When I first began homeschooling in 1995 with my oldest, now in college, I had a strict routine loaded down with curriculum and seemingly burdensome deadlines to meet. Like many new to homeschooling, I did all I knew to do and that was to structure my homeschool based on the public school model I grew up with. I was bold and determined and it only took two and a half years until me and the kids experienced homeschool burnout. I knew that homeschooling couldn’t be this maddening for everyone so I took time off to explore different paths. After reading and researching I discovered self-education and An Inspired Education was born.
We’ve evolved a lot since our early days of strict schedules and mountains of curriculum and now follow a family rhythm. With the birth of each new child I’ve learned to expand time, be more flexible and simply allow. This greatly reduces stress. Trying to “fit it all in” and always pushing the children to what’s next is not only stressful for mom but also the children. I want my children to remember the freedom they grew up with exploring and following their curiosity, having plenty of fun and adventure where they could and honing in on their life mission, focusing on their highest values.
Our family rhythm is set up in quadrants and time blocks that are sliding. This is where I create flexibility. Caring for a child’s need or character takes precedence over what time it is and what we “should” be doing. For the most part though, our family rhythm flows steady and we are constantly learning and growing.
Before the sun comes up, as my husband leaves for work, while all my children are snuggled in their beds, the house is quiet and the morning is still; I rise early to do my uninterrupted desk work. This is when I get most of my writing done and anything that requires concentration and quiet thought. After my writing time, I’m empowered for my day. Next I do some exercises, shower and get breakfast started as children wake and begin their day.
I allow a full hour for breakfast prep, clean up and getting the laundry started. I only do laundry Monday, Wednesday, and Saturday’s; otherwise laundry quickly becomes an everyday chore and a huge time killer. I developed a system our whole family follows making it more manageable so as a large family we’re never buried under a mountain of laundry.
Mid-morning everyone begins their academic studies with math first as the central focus. In An Inspired Education we move from core subjects to practices and then explorations, all interwoven for whole life learning. I do not stand in front of my children teaching but rather walk beside them as partners and mentor them. My two older children have opt’d to go to a Charter School in the mornings half days while I still have my three youngest at home. First we study math and everyone knows to stay focused and keep the house quiet during this time. As they move at their own pace they know what to study and work on using their Self-Educator Study book and based on our regular mentor meetings.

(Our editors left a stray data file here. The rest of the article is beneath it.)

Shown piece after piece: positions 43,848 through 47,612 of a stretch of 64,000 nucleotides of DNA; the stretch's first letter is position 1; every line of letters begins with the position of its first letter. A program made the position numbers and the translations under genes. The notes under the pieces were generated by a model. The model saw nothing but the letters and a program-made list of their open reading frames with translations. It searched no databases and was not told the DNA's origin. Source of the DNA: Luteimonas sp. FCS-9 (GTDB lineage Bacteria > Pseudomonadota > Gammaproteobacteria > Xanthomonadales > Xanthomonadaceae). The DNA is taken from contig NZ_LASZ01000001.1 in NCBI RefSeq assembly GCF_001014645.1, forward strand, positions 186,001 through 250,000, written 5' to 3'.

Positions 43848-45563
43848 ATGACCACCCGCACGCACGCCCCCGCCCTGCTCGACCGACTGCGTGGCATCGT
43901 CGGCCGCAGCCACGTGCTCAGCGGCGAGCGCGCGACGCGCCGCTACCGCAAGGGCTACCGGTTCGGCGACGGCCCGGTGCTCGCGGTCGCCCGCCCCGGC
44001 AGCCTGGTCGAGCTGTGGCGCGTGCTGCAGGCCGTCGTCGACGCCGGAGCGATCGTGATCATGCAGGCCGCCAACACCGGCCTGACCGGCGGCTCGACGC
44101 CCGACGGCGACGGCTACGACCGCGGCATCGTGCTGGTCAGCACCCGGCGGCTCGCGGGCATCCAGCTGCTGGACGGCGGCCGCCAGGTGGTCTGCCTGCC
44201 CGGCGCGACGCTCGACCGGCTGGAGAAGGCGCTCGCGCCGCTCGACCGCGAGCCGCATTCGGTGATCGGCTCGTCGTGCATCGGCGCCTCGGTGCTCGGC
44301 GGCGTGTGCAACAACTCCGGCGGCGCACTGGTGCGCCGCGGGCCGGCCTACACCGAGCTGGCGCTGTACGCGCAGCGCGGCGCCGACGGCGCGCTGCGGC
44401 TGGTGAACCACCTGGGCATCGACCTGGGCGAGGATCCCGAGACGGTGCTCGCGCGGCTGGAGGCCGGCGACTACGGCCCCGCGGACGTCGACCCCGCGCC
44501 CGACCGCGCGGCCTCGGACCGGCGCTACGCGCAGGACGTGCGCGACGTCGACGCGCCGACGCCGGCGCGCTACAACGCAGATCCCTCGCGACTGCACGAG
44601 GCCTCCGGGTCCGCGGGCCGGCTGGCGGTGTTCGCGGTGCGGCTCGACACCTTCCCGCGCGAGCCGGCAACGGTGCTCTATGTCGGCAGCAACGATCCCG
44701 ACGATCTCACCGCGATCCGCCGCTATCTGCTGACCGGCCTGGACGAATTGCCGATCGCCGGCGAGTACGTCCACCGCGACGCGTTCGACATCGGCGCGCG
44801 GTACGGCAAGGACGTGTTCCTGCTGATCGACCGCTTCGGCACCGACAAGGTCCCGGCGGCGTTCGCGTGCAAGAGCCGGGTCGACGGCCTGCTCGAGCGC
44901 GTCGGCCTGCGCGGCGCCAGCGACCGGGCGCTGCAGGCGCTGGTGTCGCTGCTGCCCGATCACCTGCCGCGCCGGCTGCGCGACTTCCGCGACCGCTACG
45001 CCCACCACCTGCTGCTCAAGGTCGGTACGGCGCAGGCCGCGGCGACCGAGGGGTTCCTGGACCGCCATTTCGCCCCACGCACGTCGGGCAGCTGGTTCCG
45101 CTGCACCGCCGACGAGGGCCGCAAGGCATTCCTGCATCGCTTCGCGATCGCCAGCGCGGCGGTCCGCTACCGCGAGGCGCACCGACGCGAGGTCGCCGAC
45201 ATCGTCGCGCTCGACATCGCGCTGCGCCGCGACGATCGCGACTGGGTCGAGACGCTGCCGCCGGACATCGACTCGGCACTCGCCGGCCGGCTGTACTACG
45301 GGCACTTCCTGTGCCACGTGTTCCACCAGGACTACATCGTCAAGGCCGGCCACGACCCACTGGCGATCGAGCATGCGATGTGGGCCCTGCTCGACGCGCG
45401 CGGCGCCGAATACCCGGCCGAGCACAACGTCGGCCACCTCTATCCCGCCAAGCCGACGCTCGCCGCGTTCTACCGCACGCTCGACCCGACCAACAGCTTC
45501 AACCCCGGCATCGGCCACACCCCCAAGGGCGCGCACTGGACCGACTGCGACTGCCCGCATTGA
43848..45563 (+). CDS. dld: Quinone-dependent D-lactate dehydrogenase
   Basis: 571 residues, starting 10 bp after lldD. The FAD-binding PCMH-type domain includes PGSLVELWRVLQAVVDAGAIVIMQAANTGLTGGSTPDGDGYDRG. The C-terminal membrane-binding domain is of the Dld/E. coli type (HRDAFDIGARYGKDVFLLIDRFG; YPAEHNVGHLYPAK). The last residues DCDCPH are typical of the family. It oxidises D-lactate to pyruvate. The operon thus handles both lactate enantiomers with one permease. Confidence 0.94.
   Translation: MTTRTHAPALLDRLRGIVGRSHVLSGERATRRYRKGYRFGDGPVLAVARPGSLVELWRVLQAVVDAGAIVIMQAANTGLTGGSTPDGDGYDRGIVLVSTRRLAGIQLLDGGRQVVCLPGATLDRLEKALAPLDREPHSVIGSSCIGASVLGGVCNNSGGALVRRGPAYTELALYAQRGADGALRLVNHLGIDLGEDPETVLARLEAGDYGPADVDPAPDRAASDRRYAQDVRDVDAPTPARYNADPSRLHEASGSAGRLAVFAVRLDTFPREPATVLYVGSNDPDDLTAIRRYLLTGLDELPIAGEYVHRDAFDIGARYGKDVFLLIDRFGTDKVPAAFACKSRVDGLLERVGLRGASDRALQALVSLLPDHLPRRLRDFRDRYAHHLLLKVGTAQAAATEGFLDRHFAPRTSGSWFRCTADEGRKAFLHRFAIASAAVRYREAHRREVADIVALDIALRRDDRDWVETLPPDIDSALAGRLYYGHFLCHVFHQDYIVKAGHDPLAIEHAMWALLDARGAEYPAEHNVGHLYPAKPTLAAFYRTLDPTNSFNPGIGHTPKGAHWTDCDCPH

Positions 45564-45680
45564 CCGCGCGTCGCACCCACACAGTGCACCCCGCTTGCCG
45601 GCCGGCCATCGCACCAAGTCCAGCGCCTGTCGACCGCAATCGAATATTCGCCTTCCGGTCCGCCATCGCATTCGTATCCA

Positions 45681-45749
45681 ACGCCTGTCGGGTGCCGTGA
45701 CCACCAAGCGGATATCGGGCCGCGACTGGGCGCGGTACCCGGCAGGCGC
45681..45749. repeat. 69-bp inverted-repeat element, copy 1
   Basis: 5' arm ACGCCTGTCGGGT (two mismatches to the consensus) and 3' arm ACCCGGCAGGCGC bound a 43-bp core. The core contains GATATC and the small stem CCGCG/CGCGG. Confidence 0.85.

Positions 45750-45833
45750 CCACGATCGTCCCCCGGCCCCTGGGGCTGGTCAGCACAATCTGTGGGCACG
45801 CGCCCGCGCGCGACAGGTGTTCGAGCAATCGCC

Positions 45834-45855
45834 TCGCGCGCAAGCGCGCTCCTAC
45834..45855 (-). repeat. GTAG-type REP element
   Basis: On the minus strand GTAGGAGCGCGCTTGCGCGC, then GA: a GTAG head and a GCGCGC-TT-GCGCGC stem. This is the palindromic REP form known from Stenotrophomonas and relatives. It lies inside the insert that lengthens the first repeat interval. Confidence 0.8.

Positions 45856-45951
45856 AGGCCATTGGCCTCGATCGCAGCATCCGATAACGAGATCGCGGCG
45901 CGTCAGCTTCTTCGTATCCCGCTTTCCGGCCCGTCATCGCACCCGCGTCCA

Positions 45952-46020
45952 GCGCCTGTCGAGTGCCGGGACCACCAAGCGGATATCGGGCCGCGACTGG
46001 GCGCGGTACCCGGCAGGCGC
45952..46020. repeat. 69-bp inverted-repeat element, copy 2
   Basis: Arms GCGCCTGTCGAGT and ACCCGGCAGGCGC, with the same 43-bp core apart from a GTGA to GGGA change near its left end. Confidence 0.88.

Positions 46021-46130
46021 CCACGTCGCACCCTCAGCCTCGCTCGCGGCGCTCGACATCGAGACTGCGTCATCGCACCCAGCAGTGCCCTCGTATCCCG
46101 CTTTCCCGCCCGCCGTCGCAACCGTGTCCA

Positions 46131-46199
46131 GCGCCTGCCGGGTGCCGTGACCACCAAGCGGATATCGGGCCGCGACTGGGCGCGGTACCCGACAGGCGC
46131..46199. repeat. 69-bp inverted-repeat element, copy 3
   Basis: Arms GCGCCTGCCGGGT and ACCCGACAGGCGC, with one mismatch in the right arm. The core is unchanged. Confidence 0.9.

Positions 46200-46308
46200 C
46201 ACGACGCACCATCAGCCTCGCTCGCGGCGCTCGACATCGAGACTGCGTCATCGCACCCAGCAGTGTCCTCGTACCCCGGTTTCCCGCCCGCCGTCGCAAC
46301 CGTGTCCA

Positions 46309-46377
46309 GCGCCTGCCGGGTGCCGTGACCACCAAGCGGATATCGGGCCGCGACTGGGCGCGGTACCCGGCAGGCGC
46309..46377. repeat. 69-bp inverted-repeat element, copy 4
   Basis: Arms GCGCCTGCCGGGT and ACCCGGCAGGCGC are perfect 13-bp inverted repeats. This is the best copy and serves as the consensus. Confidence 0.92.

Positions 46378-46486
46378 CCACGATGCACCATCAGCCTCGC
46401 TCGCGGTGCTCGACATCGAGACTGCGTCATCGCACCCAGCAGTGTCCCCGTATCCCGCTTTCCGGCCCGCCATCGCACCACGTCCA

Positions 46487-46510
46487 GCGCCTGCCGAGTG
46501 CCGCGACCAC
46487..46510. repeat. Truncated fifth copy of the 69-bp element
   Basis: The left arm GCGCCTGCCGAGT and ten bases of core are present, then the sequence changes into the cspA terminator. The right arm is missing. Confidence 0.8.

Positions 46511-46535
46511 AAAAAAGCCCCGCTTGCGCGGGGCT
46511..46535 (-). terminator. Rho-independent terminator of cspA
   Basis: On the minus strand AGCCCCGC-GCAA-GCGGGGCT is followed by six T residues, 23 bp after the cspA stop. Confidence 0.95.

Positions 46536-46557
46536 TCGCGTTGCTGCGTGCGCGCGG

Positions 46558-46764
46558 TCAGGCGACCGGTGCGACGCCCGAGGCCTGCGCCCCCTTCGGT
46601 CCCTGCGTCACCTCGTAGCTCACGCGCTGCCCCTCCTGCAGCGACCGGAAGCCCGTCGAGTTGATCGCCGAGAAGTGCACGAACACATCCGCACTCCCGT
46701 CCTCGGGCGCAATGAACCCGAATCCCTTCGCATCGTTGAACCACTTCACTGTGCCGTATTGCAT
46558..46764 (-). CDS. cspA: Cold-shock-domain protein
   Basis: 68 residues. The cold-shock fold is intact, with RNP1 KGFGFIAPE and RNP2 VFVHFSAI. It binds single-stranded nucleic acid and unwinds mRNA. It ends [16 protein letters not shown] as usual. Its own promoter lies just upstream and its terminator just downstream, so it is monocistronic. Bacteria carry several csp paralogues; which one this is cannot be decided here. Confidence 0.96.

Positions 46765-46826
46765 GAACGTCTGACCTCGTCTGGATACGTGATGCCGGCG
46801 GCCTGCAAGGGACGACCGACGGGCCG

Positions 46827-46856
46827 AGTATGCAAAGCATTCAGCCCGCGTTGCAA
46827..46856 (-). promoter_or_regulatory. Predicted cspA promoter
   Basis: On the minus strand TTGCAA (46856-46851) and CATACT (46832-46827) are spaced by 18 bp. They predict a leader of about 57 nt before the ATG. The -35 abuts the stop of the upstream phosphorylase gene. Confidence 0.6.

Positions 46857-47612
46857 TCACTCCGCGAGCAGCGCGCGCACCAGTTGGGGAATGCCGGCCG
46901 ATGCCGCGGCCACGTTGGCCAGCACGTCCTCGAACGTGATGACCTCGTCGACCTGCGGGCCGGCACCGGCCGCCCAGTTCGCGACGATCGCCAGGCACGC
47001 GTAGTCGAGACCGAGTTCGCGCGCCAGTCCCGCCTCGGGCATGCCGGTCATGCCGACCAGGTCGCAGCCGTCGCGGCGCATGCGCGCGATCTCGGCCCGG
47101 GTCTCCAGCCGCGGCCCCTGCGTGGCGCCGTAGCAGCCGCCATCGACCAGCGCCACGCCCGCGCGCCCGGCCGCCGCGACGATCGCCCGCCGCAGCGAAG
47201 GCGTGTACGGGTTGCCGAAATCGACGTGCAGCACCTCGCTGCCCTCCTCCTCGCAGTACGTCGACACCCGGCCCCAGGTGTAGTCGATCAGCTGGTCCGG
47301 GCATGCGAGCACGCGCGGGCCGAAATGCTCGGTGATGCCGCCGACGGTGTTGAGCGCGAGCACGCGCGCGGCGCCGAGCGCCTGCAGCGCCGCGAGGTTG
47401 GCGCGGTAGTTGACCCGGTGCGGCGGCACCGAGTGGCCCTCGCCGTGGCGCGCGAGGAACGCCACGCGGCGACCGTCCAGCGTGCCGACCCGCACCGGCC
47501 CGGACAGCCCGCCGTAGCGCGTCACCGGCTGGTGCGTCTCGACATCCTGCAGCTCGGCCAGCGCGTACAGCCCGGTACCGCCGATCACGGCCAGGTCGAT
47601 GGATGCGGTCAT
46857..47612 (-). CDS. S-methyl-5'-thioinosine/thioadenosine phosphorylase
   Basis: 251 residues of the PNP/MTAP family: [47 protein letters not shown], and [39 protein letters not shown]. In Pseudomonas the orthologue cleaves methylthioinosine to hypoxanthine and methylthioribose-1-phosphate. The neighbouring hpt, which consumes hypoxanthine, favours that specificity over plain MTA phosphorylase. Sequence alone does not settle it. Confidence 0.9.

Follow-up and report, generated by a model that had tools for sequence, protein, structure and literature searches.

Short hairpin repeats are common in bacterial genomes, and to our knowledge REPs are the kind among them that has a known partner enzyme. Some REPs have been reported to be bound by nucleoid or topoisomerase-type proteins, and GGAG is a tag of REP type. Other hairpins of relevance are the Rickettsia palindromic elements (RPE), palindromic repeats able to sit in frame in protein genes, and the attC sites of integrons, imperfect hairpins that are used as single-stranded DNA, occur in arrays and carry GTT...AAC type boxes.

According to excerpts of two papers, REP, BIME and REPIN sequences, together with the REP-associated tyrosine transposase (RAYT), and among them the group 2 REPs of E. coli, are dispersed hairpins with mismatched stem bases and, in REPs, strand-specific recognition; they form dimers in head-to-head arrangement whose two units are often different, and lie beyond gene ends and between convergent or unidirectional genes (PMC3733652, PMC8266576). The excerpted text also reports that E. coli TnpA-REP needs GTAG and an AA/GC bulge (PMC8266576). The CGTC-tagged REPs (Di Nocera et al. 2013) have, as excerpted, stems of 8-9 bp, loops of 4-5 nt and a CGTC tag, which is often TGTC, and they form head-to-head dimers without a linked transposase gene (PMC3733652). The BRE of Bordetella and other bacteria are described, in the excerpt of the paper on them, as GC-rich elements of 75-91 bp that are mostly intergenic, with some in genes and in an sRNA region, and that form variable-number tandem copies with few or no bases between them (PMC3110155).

My youngest is learning to read. I make time to sit with her for her reading lessons and writing practice. I won’t start her in a math curriculum until she’s a skilled reader.Reading is the foundation of all learning and once reading if firmly established, everything else falls into place. Young children need time and space for plenty of play and exploration. This is her work and how she learns is unique to her. As she sees her older siblings and me modeling self-education she grows up learning that this is how people live. A little time each day forming good learning habits develops self confidence and a love for learning.
Once the academics are complete and the two older children are home we share lunch together. Everyone is usually talkative and ready to eat. I allow at least two hours for our lunch as everyone is coming together after focused academic studies, preparing and eating lunch as well as tending to household services. This is when I continue the laundry and any other household tasks that have been on pause as we studied. I want my children to be dedicated to study. If I’m hopping up and down to tend to household chores, they will model what they see and won’t be inclined to stay in one place very long, let alone get any real studying done. This is why I make time everyday for my own study time. My children’s success in self-education is more important than laundry, which can always be finished up later in the day.
Afternoons are for exploration, individual pursuits, projects, free play and interruptible work for mom. We keep our television off during the week to encourage other interests. A day or two during the week is allocated for outings to the library, errands or playing outdoors with neighbors and friends. We carry our learning and pursuits into our local homeschool co-op weekly as well as participating in field trips, events, park days and hiking.
As my husband arrives home there is much for everyone to share with him, especially the youngest who is ready to consume all of dad’s time and attention. Our evenings are spent mostly on preparing dinner, visiting during dinner, cleaning up as a team, then reading or playing games before bedtime. Everyone is usually tucked in by 9:30 or 10 p.m. Even though they are in their beds, they have a book light or Kindle to read before they go to sleep. I’m a night owl and my husband is an early bird so we work on balancing each other out by getting to bed at a decent time so we can get plenty of rest and wake up inspired early the next morning. Pillow time means going to sleep feeling extremely blessed to share each day fully as a family together.
“We are all born for love. It is the principle of existence, and its only end.” –Benjamin Disraeli
What is your favorite part of your homeschool day? Share the inspiration by leaving a comment.